The Limits of the Criminal Law: The Superior Court Declines to Quash Bar Owners’ Discharges on Wrongful Act Manslaughter Charges
In February 2012, a patron and sometimes employee of the Angry Beaver bar in Belleville was involved in a head-on collision with another vehicle on Highway 401. She had entered an exit ramp of the highway and was driving westbound in the eastbound lanes. Tragically, the drivers of both vehicles were killed. The collision occurred on the Monday morning following Super Bowl Sunday. The patron had attended a party at the bar celebrating the game. With other patrons, she stayed in the bar after its closing, continuing the party throughout the night. The collision occurred shortly after she left the bar between 8:30 and 9:30 a.m. the next morning. It was subsequently determined that at the time of the accident the her blood alcohol content was in excess of .200 per cent, two and one half times greater than the Criminal Code limit.
The Crown alleged that during the party and after closing, the owners had breached several provisions of the provincial Liquor Licence Act, including permitting drunkenness and supplying alcohol free of charge. The Crown argued that the breach of these provisions were unlawful acts causing the deaths of both drivers and that the bar owners were therefore guilty of the Criminal Code offence of unlawful act manslaughter. In the alternative, the Crown argued the alleged liquor offences committed by the defendants constituted criminal negligence causing death.
The offence of wrongful act manslaughter is intended to apply to circumstances wherein death results from the commission of a predicate or underlying offence from which the objective foreseeability of bodily harm (not death) is neither trivial nor transitory, within the context of a dangerous act. The underlying offence need not be a Criminal Code offence. Regulatory offences suffice, so long as they are not absolute liability offences in which there is no fault element (such as speeding).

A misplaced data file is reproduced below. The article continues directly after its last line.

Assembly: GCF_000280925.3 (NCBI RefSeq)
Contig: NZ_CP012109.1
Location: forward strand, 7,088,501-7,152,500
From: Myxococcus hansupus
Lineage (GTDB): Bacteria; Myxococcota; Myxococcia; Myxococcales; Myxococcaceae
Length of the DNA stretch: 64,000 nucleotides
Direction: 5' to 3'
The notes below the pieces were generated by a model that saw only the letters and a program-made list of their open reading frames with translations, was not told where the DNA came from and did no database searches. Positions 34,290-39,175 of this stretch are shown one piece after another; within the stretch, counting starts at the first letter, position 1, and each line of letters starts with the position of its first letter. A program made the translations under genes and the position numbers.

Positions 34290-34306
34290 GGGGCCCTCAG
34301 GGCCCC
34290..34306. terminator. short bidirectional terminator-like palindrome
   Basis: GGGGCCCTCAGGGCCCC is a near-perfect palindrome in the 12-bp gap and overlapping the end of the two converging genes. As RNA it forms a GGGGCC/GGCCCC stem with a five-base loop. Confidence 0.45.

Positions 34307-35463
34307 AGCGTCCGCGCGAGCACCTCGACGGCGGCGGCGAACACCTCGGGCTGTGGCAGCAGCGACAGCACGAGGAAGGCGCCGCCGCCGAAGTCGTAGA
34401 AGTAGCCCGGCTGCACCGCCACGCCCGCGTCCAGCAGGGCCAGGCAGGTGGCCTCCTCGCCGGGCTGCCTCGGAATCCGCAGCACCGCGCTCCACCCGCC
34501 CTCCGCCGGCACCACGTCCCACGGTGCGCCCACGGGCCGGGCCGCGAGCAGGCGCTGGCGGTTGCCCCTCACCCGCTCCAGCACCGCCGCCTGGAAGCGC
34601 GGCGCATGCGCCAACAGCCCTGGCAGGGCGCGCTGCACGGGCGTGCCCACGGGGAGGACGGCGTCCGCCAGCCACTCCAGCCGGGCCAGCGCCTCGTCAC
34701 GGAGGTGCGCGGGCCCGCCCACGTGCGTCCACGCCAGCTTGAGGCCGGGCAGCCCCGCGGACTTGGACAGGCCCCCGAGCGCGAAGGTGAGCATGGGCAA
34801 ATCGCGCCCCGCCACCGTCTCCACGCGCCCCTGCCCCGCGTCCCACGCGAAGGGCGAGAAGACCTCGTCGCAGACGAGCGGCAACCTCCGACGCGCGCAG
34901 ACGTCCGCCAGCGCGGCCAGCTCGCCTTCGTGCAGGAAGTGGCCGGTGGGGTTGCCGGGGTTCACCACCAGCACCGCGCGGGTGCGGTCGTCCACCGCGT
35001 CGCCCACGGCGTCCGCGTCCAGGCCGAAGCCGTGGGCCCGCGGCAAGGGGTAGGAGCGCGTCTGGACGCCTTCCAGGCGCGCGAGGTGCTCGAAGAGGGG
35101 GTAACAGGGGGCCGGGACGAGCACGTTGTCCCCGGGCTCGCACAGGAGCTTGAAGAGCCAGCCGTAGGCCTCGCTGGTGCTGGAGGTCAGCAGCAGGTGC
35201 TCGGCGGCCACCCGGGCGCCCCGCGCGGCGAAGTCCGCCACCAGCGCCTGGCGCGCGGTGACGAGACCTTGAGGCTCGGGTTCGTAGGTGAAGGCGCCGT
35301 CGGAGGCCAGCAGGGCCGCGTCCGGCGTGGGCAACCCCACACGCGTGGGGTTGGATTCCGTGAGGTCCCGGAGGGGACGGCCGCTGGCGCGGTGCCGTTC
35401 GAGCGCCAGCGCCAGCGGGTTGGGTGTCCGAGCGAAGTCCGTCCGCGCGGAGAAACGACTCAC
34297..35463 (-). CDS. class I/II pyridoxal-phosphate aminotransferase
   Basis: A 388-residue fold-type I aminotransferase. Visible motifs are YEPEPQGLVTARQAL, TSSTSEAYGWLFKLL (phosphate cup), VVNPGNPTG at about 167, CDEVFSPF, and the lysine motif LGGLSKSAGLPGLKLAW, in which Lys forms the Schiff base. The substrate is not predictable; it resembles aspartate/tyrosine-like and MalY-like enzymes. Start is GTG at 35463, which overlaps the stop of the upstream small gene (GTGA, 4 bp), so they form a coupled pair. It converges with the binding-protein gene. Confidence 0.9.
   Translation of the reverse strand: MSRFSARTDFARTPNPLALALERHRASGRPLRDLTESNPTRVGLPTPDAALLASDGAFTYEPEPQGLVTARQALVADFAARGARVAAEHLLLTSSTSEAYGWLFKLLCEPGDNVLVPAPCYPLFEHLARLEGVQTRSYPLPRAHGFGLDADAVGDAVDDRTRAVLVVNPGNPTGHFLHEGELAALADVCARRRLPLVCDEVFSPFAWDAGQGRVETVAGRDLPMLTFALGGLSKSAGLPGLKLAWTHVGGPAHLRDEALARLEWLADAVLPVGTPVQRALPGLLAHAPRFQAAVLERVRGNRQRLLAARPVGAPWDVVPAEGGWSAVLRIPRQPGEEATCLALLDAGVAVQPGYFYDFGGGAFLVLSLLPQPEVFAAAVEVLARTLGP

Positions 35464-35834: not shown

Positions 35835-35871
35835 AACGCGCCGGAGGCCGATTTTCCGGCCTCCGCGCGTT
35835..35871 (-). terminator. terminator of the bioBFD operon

In July 2013, at the conclusion of the preliminary inquiry, Justice Stephen Hunter found that, although the alleged breaches of the liquor legislation were fault-based offences which could be considered the unlawful acts necessary to trigger liability, they were not objectively dangerous; that is, they were not likely to cause injury to a person. He found that it was noteworthy that most liquor violations are not subject to enforcement through prosecution and instead are dealt with administratively by the provincial Licensing Appeal Tribunal. The Justice also referred to Supreme Court of Canada case law that found that over-service of a guest was an innocuous act. He also observed that nothing prevented social hosts from serving alcohol free of charge at any time of the day.
As to the criminal negligence allegations, Justice Hunter found that there was no evidence that would permit a properly instructed jury to find that the defendants had acted with the high degree of negligence required to sustain a conviction (a “marked” departure of the standard of care which would be reasonably expected of them in the circumstances). There was no evidence that either defendant had any contact with the patron while she was in the bar, or that they were present when she left. On the other hand, there was evidence that the patron knew cabs were available for hire from the bar and that the bar frequently utilized a free and readily available designated driver for its patrons.
In October 2014 Tausendfreund J.of the Superior Court refused to quash the discharges on the basis that Justice Hunter’s decision was reasonable and supportable on the evidence before him.
This case really speaks to the limits of the criminal law. It follows the precedents of the Supreme Court of Canada that the courts should not lightly brand a person a criminal and is demonstrative of the fundamental principle of criminal justice that criminal punishment, distinguished from regulatory and civil liability, should only be imposed on those deserving the stigma of a criminal conviction. However, it should also serve as a reminder to those in the hospitality and other strictly regulated industries as to the importance of exercising reasonable care in their regulatory compliance efforts. Catastrophic consequences alone do not attract criminal liability, but in combination with egregiously substandard regulatory compliance efforts, they can. As a preliminary inquiry, the issue in this proceeding was whether there was sufficient evidence warranting a trial. Had there been evidence of interaction between the owners and the patron, instead of discharged, the owners may have been committed to stand trial.